The invisible lives of Singapore’s Muslim transgenders

“I know I did wrong,” said Sherry from Project X, a community based organization aiming to empower sex workers of all sexual orientation and gender identity. Sherry identifies as Muslim and transgender. When she was younger, her family and friends told her wearing girl’s clothes is wrong and tried to change her mind. 

“But I made my own decisions”, said Sherry, “and if I keep on letting it affect me, I wouldn’t get anywhere.” 

In 2014 a group of Muslims started a campaign called Wearwhite to protest against PinkDot, an event started in 2009 in support of the LGBT community. The Wearwhite campaign has since been taken over by a Christian pastor. 

“Religious groups are not accepting us,” Maya, a Muslim transgender woman, told us. “They use religion to control what they want to control. It will take a very long time for religious groups to be tolerance of the LGBT community.”

Maya said Wearwhite contradicts religious teachings by doing something out of hatred and disgust. She said Muslims are taught to be accepting of everyone and respect each other. 

“There are so many Muslim transgender out there who are still good people. It is just that our gender identity is different.”

Nicole Hussin, a make-up artist who also identifies as Muslim and transgender, expressed that Islam teaches to instill love, forgiveness and mercy. Nicole’s brother hasn’t spoken to her in six years since she decided to change and her father wishes she would die. 

“In Islam, trans people should be respected the same way other humans are respected,” she said, “these people are just being difficult and they will never conform to anything we say.”

Joe Wong, Program Manager at Asia Pacific Transgender Network (APTN) and a transgender man, said much of the tension towards the transgender community comes from the unfamiliarity and media portrayal. He added that laws in Singapore do not exist to protect the rights of minorities.

“Advocates and activists are not seeking special rights but making sure it is understood that trans rights are also human rights,” Joe said. Joe said people are born Muslim and leaving their religion is not an option; the challenge remains with larger society acceptance. 

Although neighbouring Indonesia has opened the world’s first transgender mosque, Singapore is yet to provide a safe place for Muslim transgenders to pray. A Free Community Church exists to welcome the Christian LGBT community but it does not offer specific services to Muslim transgender. The Humanist Society welcomes all who wish to attend their events but they don’t enquire about their level of personal faith.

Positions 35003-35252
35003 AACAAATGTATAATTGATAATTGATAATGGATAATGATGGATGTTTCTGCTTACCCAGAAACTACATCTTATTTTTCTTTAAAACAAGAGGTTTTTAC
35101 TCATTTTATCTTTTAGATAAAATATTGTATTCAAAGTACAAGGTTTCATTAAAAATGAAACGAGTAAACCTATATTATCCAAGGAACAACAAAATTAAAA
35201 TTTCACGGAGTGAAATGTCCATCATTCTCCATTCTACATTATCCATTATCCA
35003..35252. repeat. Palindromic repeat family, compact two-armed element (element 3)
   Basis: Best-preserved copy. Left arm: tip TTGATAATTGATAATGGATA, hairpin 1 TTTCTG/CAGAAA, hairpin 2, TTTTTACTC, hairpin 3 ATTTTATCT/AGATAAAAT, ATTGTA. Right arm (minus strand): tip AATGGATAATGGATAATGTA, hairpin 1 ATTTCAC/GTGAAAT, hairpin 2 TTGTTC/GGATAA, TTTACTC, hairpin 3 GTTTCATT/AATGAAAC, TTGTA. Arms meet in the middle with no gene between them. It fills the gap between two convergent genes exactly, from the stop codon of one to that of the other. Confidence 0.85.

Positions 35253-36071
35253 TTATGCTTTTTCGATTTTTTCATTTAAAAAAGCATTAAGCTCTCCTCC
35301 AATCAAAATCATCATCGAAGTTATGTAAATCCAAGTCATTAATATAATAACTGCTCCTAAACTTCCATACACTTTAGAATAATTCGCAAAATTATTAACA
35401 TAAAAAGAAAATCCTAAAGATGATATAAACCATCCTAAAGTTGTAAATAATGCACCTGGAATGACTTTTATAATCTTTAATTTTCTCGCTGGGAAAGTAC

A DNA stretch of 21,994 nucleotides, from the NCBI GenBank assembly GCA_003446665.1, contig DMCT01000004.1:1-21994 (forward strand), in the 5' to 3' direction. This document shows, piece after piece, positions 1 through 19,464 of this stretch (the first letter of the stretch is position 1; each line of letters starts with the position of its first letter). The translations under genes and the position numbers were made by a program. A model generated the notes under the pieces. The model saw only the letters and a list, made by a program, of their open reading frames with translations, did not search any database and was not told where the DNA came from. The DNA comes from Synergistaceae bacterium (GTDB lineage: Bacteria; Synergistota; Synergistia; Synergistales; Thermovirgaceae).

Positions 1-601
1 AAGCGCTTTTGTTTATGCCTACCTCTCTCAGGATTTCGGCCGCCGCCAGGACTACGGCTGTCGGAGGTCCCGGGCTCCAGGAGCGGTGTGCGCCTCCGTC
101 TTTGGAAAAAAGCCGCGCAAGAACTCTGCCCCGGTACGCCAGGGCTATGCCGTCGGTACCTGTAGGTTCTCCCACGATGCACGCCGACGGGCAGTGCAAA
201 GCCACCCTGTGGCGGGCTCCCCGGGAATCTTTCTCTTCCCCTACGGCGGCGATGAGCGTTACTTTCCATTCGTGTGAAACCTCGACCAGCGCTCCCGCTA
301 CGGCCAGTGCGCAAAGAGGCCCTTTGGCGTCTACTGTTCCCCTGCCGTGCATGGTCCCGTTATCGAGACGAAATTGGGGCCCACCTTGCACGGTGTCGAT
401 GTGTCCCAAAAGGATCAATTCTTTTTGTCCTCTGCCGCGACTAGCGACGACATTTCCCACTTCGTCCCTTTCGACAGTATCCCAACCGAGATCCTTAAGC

“Unfortunately we are not currently aware of whether there exists an organised place of worship for persons identifying as Muslim and LGBTQ+,” said the Humanist Society. 

Muslim transgenders face many challenges in their day-to-day lives. Most refrain from attending mosque for fear of discrimination and the problem of whether to attend the male or female section. What happens to Muslim transgender after they die is a consistent concern. Many worry that it will be difficult to arrange a funeral service. 

Mohammed Imran, founder of Leftwrite Centre, a platform for forums on topics such as race relations and free speech, is optimistic about the visibility of Muslim transgenders. Imran said religious opinions evolve but the process depends on information and communication with the community.

However he agreed that the law is one thing and the community must work together to erase negative prejudices. The Muslim community acknowledges that Muslim transgenders exist but there is no attempt to link up to the wider society. 

Imran started an informal network in 2014 after being approached by two Youtubers who were ambassadors of PinkDot. They were receiving a lot of criticism from the conservative Muslim public for their participation in PinkDot. After meeting Munah and Hirzi, Imran realised they were disconnected from Malay-Muslim community so Imran decided to bring together various support groups to channel resources and help. 

“The problem in Singapore is the lack of interaction between communities,” Imran said, “support groups exist on their own without interaction.”

A range of people attended the initial meeting, including Mufaridah, a Malay lesbian support group, and Jejaka, a gay Malay support group for youths. The informal network has had three meetings so far and the meetings involve sharing tips on dealing with LGBT youths and sharing personal stories and resources.

“In one breakthrough session, I managed to get a well-respected religious leader to attend and hear their stories,” Imran said, adding that he personally said to Imran that it was a transformative experience for him and he can now empathise better with the issue beyond the noise in public discourse.

“Knowing where to channel help and support is the main objective of the network and I think we had established some good relations and contacts on this,” Imran said. 

Although the Muslim transgender community is yet to be represented as part of the informal network, the meetings are a step forward in changing the conflict between religion and gender identity. Imran is now looking to see how the Muslim transgender community can be part of the network. 

“The conservative voice will always be louder,” he told us, “Indonesia and Malaysia’s problems will have an impact on Singapore and empower conservative voices.”


 

Photo by Suhaimi Abdullah/Getty Images

Reporting by Nicole Nee and Imogen Braddick. Writing by Imogen Braddick.